Sports Law Blog
All things legal relating
to the sports world...
Sunday, December 31, 2006
Popularity from Sports to Politics and Back
This Bush-for-Baseball-Commissioner thing is taking me in a bunch of different directions. Not bad for a random thought hatched over Christmas-Day Chinese food with my family.
One commenter questions my suggestion that Bush's unpopularity would not necessarily bother people or cause them to stop watching baseball. He raises a really interesting question about contextual popularity or unpopularity of public figures that is beyond the scope of this forum. But sports links are everywhere, so I thought I would respond:
George W. Bush, the President, is unpopular. Many, many people do not like his policies, his politics, or the manner in which he conducts himself in the Office of the President of the United States. But that does not necessarily translate into a general dislike of George W. Bush, the Person (whom I do not know). It will translate with some people. Many will respond negatively to anything Bush does, especially those who believe he is unintelligent. Many also see Bush not only as following bad policies, but as following illegal (and thus impeachable) policies. The commenter captured the latter point when he used the analogy of the CEO of Enron not becoming beloved as President. The CEO of Enron was unpopular not because he did a bad job as CEO (lots of CEOs do a bad job), but because he did illegal things.
Note, however, that those objections to Bush as commissioner are based on his ability, as opposed to his popularity--the assumption that because he is a bad president, he would be a bad commissioner. Maybe so. But if we focus solely on popularity, I do not know whether or not I would dislike or disagree with Bush's ideas and views in a different context, such as running baseball. Maybe we share a dislike for the wild card, inter-league play, the designated hitter, and the obscenely small strike zone (to cite a few examples). And maybe I would appreciate his frat-boy-charming personality wielded towards ends I like.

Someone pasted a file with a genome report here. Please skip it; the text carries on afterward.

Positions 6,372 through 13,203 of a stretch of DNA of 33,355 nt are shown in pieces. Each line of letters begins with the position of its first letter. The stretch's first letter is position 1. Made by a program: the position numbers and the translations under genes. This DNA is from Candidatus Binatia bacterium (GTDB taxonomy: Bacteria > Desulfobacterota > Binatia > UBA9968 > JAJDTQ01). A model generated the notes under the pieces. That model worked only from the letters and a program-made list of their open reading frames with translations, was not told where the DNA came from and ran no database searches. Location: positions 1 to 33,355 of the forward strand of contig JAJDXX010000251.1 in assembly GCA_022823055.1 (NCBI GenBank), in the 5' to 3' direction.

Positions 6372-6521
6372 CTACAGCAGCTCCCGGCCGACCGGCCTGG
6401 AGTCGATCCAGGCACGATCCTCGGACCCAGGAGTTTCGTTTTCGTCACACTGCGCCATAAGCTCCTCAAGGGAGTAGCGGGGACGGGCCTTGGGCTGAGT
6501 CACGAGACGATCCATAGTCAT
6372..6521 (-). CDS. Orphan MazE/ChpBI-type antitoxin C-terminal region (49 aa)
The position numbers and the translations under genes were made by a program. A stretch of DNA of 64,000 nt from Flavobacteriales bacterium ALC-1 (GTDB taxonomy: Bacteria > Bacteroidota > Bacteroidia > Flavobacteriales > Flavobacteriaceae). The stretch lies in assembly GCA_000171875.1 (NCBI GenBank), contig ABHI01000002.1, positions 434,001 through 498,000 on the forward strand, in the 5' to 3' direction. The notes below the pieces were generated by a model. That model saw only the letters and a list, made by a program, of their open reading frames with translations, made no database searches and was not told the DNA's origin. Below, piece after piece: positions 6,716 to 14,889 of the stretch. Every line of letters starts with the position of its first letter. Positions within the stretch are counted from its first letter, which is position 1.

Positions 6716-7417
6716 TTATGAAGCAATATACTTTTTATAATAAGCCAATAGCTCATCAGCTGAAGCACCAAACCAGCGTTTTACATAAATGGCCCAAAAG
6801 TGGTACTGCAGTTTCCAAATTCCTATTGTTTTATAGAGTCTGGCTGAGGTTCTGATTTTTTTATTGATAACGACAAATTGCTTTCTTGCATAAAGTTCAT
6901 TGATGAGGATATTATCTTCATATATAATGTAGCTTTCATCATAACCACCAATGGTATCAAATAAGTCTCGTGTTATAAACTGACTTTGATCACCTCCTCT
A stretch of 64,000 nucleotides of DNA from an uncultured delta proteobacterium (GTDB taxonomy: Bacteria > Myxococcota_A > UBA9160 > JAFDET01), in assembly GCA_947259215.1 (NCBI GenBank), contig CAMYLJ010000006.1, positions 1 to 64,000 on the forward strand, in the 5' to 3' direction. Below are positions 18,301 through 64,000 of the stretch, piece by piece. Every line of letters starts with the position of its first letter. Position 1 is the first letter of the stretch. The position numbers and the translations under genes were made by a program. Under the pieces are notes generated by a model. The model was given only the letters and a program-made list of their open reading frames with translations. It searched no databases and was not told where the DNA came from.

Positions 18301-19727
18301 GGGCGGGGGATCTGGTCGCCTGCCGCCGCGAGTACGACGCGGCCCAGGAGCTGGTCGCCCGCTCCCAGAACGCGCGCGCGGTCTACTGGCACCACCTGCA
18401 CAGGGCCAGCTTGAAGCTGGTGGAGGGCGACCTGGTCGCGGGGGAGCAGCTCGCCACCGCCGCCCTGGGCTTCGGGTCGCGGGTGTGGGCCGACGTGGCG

The converse of this phenomenon--athletic popularity translating into political popularity--is at the heart of the growing trend of former professional athletes running for public office. The most recent examples were Lynn Swann's unsuccessful run for governor of Pennsylvania and Heath Shuler's successful run for U.S. House of Representatives from North Carolina, as well as Charles Barkley's continued promises/threats to run for governor of Alabama in 2010. All are counting on name recognition, reputation, and popularity built in one context carrying into a different context. Shuler, of course, had to overcome the fact that he was not a very good NFL quarterback.
In any event, we hope the voters will consider the candidate on the merits (on his ability to perform in office) before supporting him and not automatically assume that popularity and likability on the playing field means likability in public office. So why should the reverse not be true--unpopularity (again, distinct from competence) in political office does not automatically mean unpopularity in a sports-related job?